The new recommendations from the World Health Organization (WHO) urge viewing the totality of evidence when evaluating biosimilar products.
The World Health Organization (WHO) has clarified the guidance it gives to member countries regarding the evaluation of biosimilars. The new guidelines are designed to reflect changes in the science of biosimilars and the modern economic realities faced by payers and regulators.
In a new report in Annals of the New York Academy of Sciences, study authors outlined the newest updates to the guidelines.
The WHO adopted guidelines for the evaluation of biologically similar biotherapeutic products (biosimilars) back in 2009. Five years later, the organization passed a resolution promoting access to biotherapeutic products. As part of that resolution, leaders called for a revisiting of the 2009 guidelines to ensure they aligned with the latest technological advances and the needs and capacities of national regulatory agencies. Thus began a lengthy process of reviews, surveys, and stakeholder conversations. Those efforts revealed a couple of key findings, the authors said.
First, they showed that the guidelines had helped establish biosimilars as a safe and efficacious part of the modern health care landscape; however, they also showed several significant hurdles to biosimilar evaluation, adoption, and access. Most of those challenges, the authors said, had to do with reference products.
“For example, obtaining sufficient quantities of reference products to conduct the comparability exercise and how to use the reference products sourced from outside of the country were the issues,” they wrote.
Another problem, they noted, is that in some countries, products are termed biosimilars even though they were not approved through the regulatory framework for biosimilars, thereby raising the risk of reducing public confidence in the efficacy of actual biosimilars.
In response to such concerns, in 2020, the WHO’s Expert Committee on Biological Standardization recommended another review and update of the organization’s biosimilars guidelines. Those revisions were adopted last year.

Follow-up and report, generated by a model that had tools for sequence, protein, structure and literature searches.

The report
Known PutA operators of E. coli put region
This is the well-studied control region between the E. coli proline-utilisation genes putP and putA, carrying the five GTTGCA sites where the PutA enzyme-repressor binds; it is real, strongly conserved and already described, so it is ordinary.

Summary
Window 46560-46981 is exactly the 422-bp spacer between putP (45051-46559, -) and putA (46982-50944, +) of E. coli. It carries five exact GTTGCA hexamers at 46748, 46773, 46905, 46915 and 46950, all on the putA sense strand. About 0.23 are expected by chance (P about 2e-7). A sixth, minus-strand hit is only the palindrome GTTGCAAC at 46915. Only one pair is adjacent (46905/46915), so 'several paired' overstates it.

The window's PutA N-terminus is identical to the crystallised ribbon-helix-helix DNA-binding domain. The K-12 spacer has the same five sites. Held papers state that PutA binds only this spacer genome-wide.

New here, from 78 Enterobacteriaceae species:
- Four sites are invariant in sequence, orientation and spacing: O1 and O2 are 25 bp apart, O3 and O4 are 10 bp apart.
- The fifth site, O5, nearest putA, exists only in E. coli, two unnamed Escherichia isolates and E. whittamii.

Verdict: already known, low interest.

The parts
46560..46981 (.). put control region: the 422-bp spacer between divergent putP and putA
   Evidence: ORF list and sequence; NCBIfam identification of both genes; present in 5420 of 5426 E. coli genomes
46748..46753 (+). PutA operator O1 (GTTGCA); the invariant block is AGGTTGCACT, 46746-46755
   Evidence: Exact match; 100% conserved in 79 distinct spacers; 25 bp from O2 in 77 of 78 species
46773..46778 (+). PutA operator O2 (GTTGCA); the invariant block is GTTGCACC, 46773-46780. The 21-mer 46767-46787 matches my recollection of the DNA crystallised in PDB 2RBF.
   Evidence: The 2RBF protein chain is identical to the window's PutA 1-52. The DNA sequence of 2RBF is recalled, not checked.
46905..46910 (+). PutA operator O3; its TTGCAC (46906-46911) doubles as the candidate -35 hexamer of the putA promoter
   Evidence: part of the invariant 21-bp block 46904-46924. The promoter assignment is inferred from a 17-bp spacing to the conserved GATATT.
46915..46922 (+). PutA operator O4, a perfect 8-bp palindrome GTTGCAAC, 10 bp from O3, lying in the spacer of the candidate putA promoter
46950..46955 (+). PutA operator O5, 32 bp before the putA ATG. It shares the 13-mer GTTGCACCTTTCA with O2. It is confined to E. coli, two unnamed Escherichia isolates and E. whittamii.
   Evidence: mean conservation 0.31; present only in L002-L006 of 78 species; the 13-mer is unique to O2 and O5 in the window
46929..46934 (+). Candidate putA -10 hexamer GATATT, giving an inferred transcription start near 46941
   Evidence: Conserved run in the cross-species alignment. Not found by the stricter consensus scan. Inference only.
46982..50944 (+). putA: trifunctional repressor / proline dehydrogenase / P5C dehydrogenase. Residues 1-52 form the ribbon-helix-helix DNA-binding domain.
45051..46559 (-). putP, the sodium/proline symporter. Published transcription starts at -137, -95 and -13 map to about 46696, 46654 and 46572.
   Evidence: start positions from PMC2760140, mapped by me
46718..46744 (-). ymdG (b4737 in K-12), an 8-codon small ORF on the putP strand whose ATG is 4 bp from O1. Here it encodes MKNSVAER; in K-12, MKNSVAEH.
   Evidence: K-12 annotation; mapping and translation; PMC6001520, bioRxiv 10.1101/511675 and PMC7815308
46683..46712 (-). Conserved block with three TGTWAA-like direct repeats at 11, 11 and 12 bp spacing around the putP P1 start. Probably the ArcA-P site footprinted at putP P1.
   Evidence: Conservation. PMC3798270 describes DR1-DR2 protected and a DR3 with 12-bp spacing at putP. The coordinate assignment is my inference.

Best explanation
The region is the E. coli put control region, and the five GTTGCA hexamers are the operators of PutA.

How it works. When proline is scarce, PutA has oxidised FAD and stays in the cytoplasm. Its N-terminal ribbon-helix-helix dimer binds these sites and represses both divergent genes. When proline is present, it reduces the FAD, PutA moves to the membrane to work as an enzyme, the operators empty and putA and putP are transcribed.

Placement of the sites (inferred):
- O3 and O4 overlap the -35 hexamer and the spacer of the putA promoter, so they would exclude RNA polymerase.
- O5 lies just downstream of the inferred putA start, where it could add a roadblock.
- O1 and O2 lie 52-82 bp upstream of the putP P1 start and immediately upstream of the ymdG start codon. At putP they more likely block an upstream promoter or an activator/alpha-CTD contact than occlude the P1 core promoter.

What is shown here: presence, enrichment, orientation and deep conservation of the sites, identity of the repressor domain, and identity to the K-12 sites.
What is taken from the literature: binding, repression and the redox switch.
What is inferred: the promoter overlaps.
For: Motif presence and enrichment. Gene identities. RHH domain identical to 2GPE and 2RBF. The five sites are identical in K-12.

Some changes have to do with definitional clarity. For instance, initially, the guidelines referred to biosimilars as “similar biotherapeutic products,” but the new guidelines refer to “biological products that are highly similar” to well-characterized reference products. The revised language is meant to acknowledge that biosimilars can extend beyond biotherapeutics.
The organization also revised how biosimilars should be evaluated, replacing the term stepwise approach with tailored. The authors said this change was “based on current practices that show that biosimilar development proceeds in a ‘concurrent’ fashion rather than in a stepwise mode.”
Also included in the guidelines is new language about how regulators should evaluate nonlocal reference products.
“The increased flexibility and the clarity on the considerations provided now for use of nonlocal reference products opens the door wider for global biosimilar development, as some biosimilar manufacturers may want to use a reference product sourced from less-expensive markets and avoid duplicating studies already undertaken with the reference product licensed in another country,” they wrote.
They said the most significant change of all, however, comes in the guidelines related to clinical evaluation. The previous language said clinical comparison of biosimilars “should begin” with pharmacokinetic and pharmacodynamic studies and continue to clinical trials. The new language says such studies are “generally required,” but also allows for decisions to be made based on the totality of evidence.
The authors said this change reflects that “the regulatory perspective about comparative safety and efficacy studies is gradually shifting from a strict inflexible requirement to a case-by-case manner depending on the molecule and the data submitted for demonstration of biosimilarity based on the knowledge and the evidence accumulated to date.”
They concluded by explaining their belief that streamlined guidelines that maintain the goals of promoting safety and efficacy ought to help drive down the cost of biosimilar development and biosimilar therapies. However, they said they will continue to consider and revise these guidelines as conditions warrant.
Kang HN, Wadhwa M, Knezevic I, Ondari C, Simao M. WHO guidelines on biosimilars: Toward improved access to safe and effective products. Ann N Y Acad Sci. Published online January 24, 2023. doi:10.1111/nyas.14965